King Rat (gkr) wrote,
King Rat
gkr

Harry Sprinker Recreation Center

I spent most of today climbing a man-made rock at the Sprinker Recreation Center in Spanaway. The purpose was to get comfortable using ropes and associated equipment such as carabiners, belay devices, and knots. Specifically, we did the following:

  1. Rock climbing. We each made three short climbs up various parts of the rock which, according to the instructor, were 5.5, 5.7, and 5.8 in difficulty. I wasn't able to do the 5.8 climb. I got stuck halfway up and had to go back down. No arm strength to pull myself over the overhang. The climbing was fun, but I ran into a serious fear of heights at the point where we were supposed to be lowered back down. The initial letting go and placing your weight on the rope and in the hands of the belayer was difficult. A little bit easier the second and third times, but it still bit me in the ass later.
  2. Belaying. A couple of weeks ago, we covered in the classroom how to tie some useful knots. In this part, we used the Figure 8 knot to attach the rope to a belay device and then apply friction to prevent a person from falling.
  3. Pulley systems. In this part, we practiced pulling someone up the wall using a C pulley and a Z pulley system. Having taken a class covering Newtonian physics, this was kind of cool to put into practice the use of pulleys and Prusik knots to lower the difficulty of raising someone from a crevasse to the top.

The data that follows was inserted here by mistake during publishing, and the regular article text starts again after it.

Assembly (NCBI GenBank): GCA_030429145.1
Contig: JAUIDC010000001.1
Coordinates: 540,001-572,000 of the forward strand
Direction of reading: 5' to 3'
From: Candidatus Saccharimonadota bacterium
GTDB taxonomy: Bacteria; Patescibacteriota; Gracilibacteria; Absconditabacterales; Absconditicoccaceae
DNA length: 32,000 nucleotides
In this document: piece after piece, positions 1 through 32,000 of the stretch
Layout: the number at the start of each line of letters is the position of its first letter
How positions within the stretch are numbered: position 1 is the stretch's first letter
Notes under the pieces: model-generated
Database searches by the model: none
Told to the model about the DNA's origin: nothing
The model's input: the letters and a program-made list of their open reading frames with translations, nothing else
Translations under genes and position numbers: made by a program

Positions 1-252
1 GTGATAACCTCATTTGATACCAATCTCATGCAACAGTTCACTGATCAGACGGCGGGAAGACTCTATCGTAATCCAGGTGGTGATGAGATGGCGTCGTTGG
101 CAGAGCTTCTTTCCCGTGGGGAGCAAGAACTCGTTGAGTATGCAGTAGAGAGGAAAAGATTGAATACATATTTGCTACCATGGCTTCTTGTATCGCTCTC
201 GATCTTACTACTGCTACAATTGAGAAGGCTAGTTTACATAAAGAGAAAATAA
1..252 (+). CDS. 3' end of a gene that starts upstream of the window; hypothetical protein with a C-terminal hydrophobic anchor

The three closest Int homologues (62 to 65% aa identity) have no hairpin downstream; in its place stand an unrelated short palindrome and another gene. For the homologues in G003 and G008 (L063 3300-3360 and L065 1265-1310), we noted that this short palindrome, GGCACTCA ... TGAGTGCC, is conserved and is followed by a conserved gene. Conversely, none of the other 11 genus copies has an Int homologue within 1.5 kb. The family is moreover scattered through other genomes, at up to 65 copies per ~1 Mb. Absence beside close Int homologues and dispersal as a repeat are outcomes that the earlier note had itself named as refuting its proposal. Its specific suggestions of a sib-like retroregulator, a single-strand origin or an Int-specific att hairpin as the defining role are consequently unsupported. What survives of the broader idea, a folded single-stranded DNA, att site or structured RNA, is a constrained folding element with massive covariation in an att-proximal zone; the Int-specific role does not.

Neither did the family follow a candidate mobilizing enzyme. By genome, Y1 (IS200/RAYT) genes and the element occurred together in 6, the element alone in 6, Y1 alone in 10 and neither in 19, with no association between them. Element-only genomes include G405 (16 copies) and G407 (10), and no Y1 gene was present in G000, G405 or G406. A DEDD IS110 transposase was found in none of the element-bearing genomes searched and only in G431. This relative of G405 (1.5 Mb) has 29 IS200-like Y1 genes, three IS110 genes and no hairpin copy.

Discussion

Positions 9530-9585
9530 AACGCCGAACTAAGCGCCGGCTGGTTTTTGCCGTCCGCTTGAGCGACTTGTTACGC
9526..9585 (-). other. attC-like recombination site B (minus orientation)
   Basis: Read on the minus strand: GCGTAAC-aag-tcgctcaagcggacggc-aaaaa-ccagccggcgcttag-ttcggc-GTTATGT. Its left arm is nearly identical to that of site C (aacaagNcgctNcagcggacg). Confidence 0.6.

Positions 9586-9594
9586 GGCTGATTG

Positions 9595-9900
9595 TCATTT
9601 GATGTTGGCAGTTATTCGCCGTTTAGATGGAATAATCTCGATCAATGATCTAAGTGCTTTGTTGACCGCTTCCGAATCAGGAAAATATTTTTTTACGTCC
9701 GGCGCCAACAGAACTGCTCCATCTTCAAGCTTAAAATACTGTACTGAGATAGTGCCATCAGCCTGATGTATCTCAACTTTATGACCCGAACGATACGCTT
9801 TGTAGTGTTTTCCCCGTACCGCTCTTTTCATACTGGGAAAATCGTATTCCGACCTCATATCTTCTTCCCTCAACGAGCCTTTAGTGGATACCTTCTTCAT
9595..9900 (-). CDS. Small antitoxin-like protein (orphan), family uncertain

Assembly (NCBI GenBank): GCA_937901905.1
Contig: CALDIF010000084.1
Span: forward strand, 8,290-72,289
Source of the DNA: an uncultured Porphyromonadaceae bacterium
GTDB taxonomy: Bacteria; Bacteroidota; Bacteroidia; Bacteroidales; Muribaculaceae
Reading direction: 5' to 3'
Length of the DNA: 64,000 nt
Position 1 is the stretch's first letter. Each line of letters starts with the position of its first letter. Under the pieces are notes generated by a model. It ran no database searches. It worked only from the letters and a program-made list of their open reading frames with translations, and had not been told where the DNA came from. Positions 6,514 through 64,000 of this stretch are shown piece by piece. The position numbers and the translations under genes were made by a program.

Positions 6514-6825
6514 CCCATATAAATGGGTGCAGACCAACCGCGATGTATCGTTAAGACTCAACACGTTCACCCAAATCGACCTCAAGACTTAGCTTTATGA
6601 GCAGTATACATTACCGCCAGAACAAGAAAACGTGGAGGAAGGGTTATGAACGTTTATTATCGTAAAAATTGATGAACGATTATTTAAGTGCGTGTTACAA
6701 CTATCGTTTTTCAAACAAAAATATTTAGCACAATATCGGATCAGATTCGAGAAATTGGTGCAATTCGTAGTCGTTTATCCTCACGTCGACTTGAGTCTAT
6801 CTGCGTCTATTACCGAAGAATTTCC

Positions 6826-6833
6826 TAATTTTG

4. Rappelling. This was my first time rappelling, which is something like self-belaying yourself down a steep incline. It looks much like it does in movies, except not so smooth because none of us (other than the instructors) were all that smooth. Yet again, my fear of heights reared up during the initial moment when you put your weight on the ropes. The instructors did show us a way that might get me past that. It involves squatting on the edge so that your weight is closer to the rock face, leaning back and lowering yourself to the standard rappelling position. The "normal" way involves swinging out or just lowering yourself from a standing position. Our rope setup only allow the swinging out way though, as the ropes were placed to the side of where we could stand or squat. We had to swing out.
  5. Climbing ropes. We used two smaller ropes, looped and tied using Prusik knots, to hold the climbing harness and as a platform to stand on. Basically, you stand on one loop tied to your main rope using a Prusik knot and raise the point where the other looped rope (also tied using a Prusik knot) is attached. Then you put your weight (in the harness) on the second rope and raise the first rope. Repeat this as necessary until you are at the top. The process is hard to describe but was surprisingly easy. It also looks pretty cool to see someone swiftly moving up the side of a rock using the technique. Except for our instructors, none of us had done this before. Even the first time, we could climb about 35 feet of sheer rock in about 4 or 5 minutes.

There were three things that were clear from this. First, this wasn't nearly as difficult as I thought it would be. Second, it was pretty fun to try this stuff out. And last, that I really need to build up some upper body strength if I am going to make a habit of climbing rocks or ropes.

Also, I think I may have eaten a couple of ants.

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